HP TouchPad: Hands-on impressions

Summary:The HP TouchPad is available today and this morning I headed to my local Best Buy and bought a 16GB model. I have been testing the TouchPad today, and offer these first impressions of what I like and what I don't so far.

The HP TouchPad is available today and this morning I headed to my local Best Buy and bought a 16GB model. The unit was $499, and the 32GB model would have set me back $599. I chose the cheaper model as I am not sure how well the TouchPad will fit into my mobile lifestyle, and I wanted to keep the cost down. I have been testing the TouchPad for a few hours, and offer these first impressions of what I like and what I don't so far.


Image Gallery: 16GB HP TouchPad available today
Image Gallery: Charge
Image Gallery: Charge

Specs:
  • Processor: Qualcomm Snapdragon dual-core, 1.2 GHz
  • Memory: 16GB
  • Display: 9.7-inch, 1024x768, IPS, multi-touch
  • Video formats supported: MPEG-4, H.263, H.264
  • Camera: 1.3MP front-facing
  • Battery: 6300 mAh lithium polymer
  • Speakers: stereo, with Beats Audio technology, 3.5 mm headphone jack
  • Size: 9.45 x 7.48 x 0.54 in, 1.6 lbs.

The TouchPad has an attractive black design with rounded corners and solid build quality. The back is plastic, and those who prefer metal casings will likely find this to be too "plasticky" in feel. I like it fine, and prefer plastic for tablets for the lighter weight. The TouchPad feels heavy in the hand at 1.6 pounds, so it's a good thing HP went with lighter plastic construction.

The webOS user interface is a joy to use, and is much more intuitive and consistent in operation than Honeycomb on Android tablets. The card metaphor for handling running apps is a great fit for the tablet screen, and adds utility as the cards are updated in real-time. It is possible to read new emails in the minimized card view without opening the email app.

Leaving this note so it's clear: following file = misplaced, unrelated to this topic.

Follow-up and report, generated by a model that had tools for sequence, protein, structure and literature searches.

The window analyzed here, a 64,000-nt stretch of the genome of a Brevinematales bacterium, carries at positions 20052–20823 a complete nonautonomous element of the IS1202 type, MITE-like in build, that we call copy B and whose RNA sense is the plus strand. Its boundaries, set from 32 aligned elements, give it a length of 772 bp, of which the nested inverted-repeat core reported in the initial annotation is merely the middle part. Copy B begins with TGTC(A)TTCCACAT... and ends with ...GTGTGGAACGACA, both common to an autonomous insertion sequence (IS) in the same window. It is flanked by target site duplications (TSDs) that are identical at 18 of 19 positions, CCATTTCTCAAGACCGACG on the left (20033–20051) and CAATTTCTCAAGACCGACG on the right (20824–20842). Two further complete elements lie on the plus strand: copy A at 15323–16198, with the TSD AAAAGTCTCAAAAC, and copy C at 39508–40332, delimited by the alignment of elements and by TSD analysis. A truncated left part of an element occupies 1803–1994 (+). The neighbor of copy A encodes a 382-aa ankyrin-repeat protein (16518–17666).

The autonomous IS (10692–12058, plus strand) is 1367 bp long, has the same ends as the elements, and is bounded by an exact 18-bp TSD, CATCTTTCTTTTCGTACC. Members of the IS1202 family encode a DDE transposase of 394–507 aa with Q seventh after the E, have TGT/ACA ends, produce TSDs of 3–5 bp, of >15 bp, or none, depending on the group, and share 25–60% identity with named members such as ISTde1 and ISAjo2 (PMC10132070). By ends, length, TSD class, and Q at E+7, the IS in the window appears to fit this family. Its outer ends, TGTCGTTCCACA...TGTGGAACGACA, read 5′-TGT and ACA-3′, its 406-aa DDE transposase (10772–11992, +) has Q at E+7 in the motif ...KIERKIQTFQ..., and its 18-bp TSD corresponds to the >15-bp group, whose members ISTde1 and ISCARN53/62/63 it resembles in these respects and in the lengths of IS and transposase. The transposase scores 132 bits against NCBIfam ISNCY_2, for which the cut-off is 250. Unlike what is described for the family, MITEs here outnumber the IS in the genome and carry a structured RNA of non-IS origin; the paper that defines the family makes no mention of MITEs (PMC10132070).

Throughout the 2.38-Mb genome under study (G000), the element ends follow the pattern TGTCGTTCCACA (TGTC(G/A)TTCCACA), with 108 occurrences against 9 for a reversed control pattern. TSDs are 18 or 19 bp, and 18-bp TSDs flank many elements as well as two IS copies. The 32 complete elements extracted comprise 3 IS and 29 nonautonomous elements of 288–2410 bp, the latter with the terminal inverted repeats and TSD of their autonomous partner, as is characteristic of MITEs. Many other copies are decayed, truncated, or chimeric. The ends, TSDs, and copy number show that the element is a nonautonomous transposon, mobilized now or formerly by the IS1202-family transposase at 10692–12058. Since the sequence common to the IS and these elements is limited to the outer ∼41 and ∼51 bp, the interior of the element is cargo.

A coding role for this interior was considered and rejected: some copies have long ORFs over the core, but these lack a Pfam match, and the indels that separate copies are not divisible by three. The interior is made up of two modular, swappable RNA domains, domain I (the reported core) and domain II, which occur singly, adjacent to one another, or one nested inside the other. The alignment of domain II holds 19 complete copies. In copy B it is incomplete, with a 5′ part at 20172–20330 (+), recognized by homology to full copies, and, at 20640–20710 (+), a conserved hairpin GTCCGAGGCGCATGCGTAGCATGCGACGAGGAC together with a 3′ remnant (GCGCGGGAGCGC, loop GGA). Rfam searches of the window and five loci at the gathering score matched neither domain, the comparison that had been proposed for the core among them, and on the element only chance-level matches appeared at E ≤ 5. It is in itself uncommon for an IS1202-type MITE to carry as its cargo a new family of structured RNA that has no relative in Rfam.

The TouchPad software is not as smooth as it needs to be, with occasional lags affecting the otherwise fluid user experience. The system has spontaneously rebooted on me once, and once I had to manually reboot the tablet due to the Skype app getting out of control. I will spend more time detailing the user experience in future coverage, when I have more time on the TouchPad.

Pros

  • Attractive design with nice curved surfaces
  • User interface is well-suited for the tablet screen
  • Bundled apps are good and offer good utility out of the box
  • Outstanding web browser
  • The center button lights up gently when notifications arrive and the screen is off

Cons

  • Heavy in the hand
  • System has occasional lags that impact user experience
  • Have experienced two reboots in a few hours
  • Lack of apps in the app store. The apps that are available are quite good and help deal with the lack of apps.

The HP TouchPad is the first tablet running webOS, and this platform shows real promise in the short time I have been using it. I expect HP to deal quickly with issues affecting performance, and developers to crank out apps to augment the few available. I am looking forward to getting a Touchstone dock making wireless charging possible, a nice accessory that was not available in retail outlets today.

See related coverage:

Topics: Tablets, Hewlett-Packard, Mobility

About

James Kendrick has been using mobile devices since they weighed 30 pounds, and has been sharing his insights on mobile technology for almost that long. Prior to joining ZDNet, James was the Founding Editor of jkOnTheRun, a CNET Top 100 Tech Blog that was acquired by GigaOM in 2008 and is now part of that prestigious tech network. James' w... Full Bio

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